Frontier Markets have a number of attractive features for investors, particular in the current market environment of slow growth in all major economies, rich equities and bonds and low bank deposit interest rates.
But private and institutional investors tend to think of Frontier Markets as unexplored. The economies of these countries are generally in earlier stages of economic development, and their capital markets less mature than Emerging Markets. An increasing number of Frontier Markets have reached a stage of development that enables investors to participate in strong structural growth. They offer exposure to growing domestic demand, strong economic growth potential, and attractive demographics. "The political and structural stability of these countries is improving and several of them are poised to become manufacturing and production hubs as a result of technological advances combined with low labour costs", says Wolfgang Landl, Managing Partner, OpenFunds Investment Services, who became the distributor of Tundra’s funds.
They exhibit low correlation to each other and relatively low levels of liquidity and transparency. But Frontier Markets equity valuations are interesting compared with Developed and Emerging Markets.
The MSCI Frontier Markets Index was trading at a trailing P/E ratio for 2015 of 9.2, compared to 11.4 for the MSCI Emerging Markets Index and 15.3 for the MSCI World Index.
In terms of P/BV, Frontier Markets exhibit attractive valuations at 1.3, equal to the MSCI Emerging Markets Index and versus 1.9 of the MSCI World Index.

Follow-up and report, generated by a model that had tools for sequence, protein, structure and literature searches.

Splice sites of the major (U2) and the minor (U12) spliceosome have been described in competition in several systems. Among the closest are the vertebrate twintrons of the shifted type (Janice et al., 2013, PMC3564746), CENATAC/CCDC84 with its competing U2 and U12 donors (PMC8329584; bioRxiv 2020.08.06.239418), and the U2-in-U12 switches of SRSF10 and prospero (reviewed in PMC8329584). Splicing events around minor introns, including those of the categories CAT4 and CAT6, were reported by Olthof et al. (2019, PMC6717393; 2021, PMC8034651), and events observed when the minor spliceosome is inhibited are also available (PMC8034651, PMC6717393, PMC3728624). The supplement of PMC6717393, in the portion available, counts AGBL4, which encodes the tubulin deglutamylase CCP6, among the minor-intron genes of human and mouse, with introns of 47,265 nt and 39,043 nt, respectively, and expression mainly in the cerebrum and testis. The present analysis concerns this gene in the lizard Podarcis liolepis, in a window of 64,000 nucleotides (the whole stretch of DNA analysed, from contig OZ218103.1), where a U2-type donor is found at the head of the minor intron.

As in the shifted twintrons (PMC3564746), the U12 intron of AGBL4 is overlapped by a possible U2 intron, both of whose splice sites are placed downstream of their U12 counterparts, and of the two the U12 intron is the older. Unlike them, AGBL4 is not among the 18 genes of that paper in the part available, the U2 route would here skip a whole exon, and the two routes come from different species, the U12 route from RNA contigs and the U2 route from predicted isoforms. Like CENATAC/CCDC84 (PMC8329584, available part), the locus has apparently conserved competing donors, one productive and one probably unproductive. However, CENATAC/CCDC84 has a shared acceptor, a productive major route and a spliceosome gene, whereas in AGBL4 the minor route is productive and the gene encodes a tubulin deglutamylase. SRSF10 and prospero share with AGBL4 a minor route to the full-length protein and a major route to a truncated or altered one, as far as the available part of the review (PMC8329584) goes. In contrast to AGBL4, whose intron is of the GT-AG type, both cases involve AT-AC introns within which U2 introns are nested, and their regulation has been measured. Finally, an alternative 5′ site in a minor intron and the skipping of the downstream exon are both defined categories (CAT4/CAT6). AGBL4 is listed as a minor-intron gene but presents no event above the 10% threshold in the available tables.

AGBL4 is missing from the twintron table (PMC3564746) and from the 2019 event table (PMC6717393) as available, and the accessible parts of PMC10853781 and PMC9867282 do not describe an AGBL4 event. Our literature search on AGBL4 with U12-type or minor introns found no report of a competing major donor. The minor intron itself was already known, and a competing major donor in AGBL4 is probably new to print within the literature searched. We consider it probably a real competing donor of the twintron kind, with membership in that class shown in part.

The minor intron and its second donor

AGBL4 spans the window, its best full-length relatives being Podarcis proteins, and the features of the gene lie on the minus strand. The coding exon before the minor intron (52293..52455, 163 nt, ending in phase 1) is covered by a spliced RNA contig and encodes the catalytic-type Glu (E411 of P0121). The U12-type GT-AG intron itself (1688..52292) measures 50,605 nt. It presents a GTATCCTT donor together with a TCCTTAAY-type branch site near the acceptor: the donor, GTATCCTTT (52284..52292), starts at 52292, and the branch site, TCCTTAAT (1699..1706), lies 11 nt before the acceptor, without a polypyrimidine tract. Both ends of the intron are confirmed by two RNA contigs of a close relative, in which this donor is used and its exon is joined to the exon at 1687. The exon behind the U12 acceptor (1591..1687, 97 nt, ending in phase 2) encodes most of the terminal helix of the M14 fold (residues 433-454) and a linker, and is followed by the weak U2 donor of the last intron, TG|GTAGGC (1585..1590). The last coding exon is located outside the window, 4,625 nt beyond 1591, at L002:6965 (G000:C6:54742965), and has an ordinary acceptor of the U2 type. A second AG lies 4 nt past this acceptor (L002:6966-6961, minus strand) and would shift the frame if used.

Finally the dividend yield for Frontier Markets is much higher at 4.1%, compared to 3.1% for the MSCI Emerging Markets Index and 2.7% for the MSCI World Index.
These are some of the very reasons they present opportunities for managers with proven stock picking capabilities. For investors that do not understand or feel entirely comfortable with this asset class, it is important to define what Frontier Markets are. "I believe - says Landl - that the best way is to start is by comparing the main characteristics of Frontier Markets with Emerging and Developed Markets. Generally speaking, Frontier Markets can be thought of as “a subset of Emerging Markets, and they are typically economies at the lower end of the development spectrum. They are the generally smaller, less developed and less liquid emerging market countries that are considered to be in the nascent stages of development. In essence, they represent what some emerging market countries such as Brazil, Russia, India and China were 20 to 25 years ago".
So, the ability to invest in a market is a primary criterion for the classification of a country into either the Frontier Markets or the Emerging Markets index. Another problem is that there are few passive investment vehicles providing exposure to Frontier Markets. Of the existing Frontier Market ETFs, most have been struggling to maintain a low tracking error due to bigger spreads, higher commissions, FX spreads and limited liquidity in the underlying equities.
Given the benchmark’s heavy weighting towards financials, it is a sub-optimal way to gain exposure to the attractive domestic consumer growth potential that exists in Frontier Markets.
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